The ruling Labour groups in both Southwark and Lambeth have come out against the creation of parish councils to provide a new layer of local democracy at sub-borough level.
Liberal Democrat councillors in Southwark had floated the idea of parish councils in areas such as Borough and Bankside and Bermondsey in the wake of the decision to cut back the responsibilities of the borough's community councils and reduce the number of areas and meetings.
Unlike Southwark's community councils, a parish council would be autonomous from the borough council and have its own separately elected members.
Southwark Labour has portrayed the idea of parish councils as a stealth tax, warning that residents could see an extra precept on their council tax to fund the additional layer of local government.
A parish council could only be established if it was approved by a referendum of local residents after a consultation and community governance review.
Now Cllr Gavin Dodsworth, Lib Dem councillor for Bishop's ward in Waterloo, has tabled a question to the leader of Lambeth Council Steve Reed to gauge that borough's reaction to the prospect of residents petitioning the authority to carry out a community governance review.
"The Queen's Park area in Westminster has recently voted to introduce London's first town/parish council under the Local Government & Public Involvement in Health Act 2007," said Cllr Dodsworth.
"Would the administration welcome communities in Lambeth joining them in having their own directly elected community council?"
Cllr Steve Reed replied: "If there are groups in the borough that feel strongly enough to petition the council in order to create an elected community council then clearly the changes in the 2007 act allow them to do that.
"However, as for the residents in Queen's Park, there would be an additional tax to pay to cover the costs of an additional layer of government and I am sure residents will take that into consideration.
"My preference is for models that directly empower citizens and communities to give them control over the services that matter to them, rather than models that simply empower more politicians or create additional bureaucracy and related cost for residents."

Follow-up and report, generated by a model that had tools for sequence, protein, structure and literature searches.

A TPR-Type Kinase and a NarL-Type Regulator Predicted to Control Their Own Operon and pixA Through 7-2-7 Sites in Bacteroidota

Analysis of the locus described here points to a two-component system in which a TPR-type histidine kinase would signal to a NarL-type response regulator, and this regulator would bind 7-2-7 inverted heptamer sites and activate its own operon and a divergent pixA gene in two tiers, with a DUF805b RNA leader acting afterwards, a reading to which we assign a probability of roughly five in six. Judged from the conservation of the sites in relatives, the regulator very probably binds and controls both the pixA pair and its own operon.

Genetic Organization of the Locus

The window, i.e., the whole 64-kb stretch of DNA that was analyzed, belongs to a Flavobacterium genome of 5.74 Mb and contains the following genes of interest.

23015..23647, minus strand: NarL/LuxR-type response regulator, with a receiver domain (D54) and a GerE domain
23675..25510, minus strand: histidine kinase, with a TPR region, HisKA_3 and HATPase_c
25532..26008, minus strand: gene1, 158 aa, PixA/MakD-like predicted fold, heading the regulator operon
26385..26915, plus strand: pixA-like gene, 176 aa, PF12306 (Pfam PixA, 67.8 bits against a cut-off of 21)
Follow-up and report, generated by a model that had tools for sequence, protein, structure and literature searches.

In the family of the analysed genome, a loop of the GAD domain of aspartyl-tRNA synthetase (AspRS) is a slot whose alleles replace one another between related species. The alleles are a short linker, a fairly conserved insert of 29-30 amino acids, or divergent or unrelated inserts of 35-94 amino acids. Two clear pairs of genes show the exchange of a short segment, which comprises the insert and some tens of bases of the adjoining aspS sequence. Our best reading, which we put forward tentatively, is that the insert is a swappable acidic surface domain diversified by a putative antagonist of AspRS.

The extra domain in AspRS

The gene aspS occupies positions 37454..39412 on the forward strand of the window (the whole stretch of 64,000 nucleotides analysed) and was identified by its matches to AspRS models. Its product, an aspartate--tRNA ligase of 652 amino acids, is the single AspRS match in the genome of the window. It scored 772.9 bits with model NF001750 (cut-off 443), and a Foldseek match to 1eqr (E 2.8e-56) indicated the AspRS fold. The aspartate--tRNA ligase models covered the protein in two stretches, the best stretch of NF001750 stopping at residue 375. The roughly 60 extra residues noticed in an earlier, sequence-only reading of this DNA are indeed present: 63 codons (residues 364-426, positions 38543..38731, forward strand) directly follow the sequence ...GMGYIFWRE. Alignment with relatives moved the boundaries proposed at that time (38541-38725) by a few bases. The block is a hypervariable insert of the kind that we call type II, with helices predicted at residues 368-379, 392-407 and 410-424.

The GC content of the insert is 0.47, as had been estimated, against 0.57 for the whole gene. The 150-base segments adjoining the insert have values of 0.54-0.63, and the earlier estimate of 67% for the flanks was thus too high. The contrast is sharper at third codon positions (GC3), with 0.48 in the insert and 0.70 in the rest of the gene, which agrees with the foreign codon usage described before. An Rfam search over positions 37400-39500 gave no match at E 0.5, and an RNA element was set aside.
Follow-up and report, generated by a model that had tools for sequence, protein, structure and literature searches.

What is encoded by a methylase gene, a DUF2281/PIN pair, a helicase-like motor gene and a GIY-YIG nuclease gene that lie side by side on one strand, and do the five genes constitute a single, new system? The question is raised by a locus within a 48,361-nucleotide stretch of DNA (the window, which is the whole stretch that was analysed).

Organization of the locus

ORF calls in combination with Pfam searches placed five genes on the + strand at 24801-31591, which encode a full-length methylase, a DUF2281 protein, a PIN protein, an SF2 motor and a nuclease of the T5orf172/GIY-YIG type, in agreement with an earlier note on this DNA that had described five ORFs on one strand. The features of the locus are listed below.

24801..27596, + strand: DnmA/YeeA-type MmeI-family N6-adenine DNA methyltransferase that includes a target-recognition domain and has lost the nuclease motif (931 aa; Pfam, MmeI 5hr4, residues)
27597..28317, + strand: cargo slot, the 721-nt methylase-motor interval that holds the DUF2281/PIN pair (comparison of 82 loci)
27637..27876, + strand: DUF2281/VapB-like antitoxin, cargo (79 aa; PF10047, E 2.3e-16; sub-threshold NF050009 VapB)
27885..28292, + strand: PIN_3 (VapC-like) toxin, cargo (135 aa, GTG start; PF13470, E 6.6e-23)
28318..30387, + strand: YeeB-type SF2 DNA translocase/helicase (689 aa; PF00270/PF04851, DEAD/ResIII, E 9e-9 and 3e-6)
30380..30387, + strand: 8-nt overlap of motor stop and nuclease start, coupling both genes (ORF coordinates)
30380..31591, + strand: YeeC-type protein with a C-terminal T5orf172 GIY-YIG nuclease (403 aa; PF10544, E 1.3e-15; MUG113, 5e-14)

In Southwark, Labour and Liberal Democrat politicians have been trading jibes on Twitter and blogs.
Labour councillor Gavin Edwards this week wrote that "for some unknown reason, during these tough times, local Liberal Democrat councillors have decided to prioritise introducing more council meetings, paid for by an increase in council tax.
"They are campaigning for new parish councils to be introduced – and they are being very hush, hush about the fact that this unnecessary layer of additional bureaucracy comes with a price tag."
Southwark Council leader Peter John tweeted that "whilst Southwark Lib Dems want to spend £5 million on more meetings we could pay university tuition fees for 5,500 Southwark residents", and called on the backers of the parish council plans to "come clean" about the costs.
Southwark opposition leader Cllr Anood Al-Samerai said: "Liberal Democrats are looking into parish councils as a way of giving residents more say in local services.
"This does not have to cost more and would be dependent on what services the parish councils were running. So far, people have said they find the idea interesting and would like to find out more and for the council to carry out a consultation.
"Instead of having a sensible discussion about these ideas the Labour Party has resorted to putting out letters to local residents full of nasty Labour lies. I'm all for having an honest debate about decision making in Southwark.
"But instead of that, Labour are scaremongering about it costing more because they don't want local people to make real decisions."
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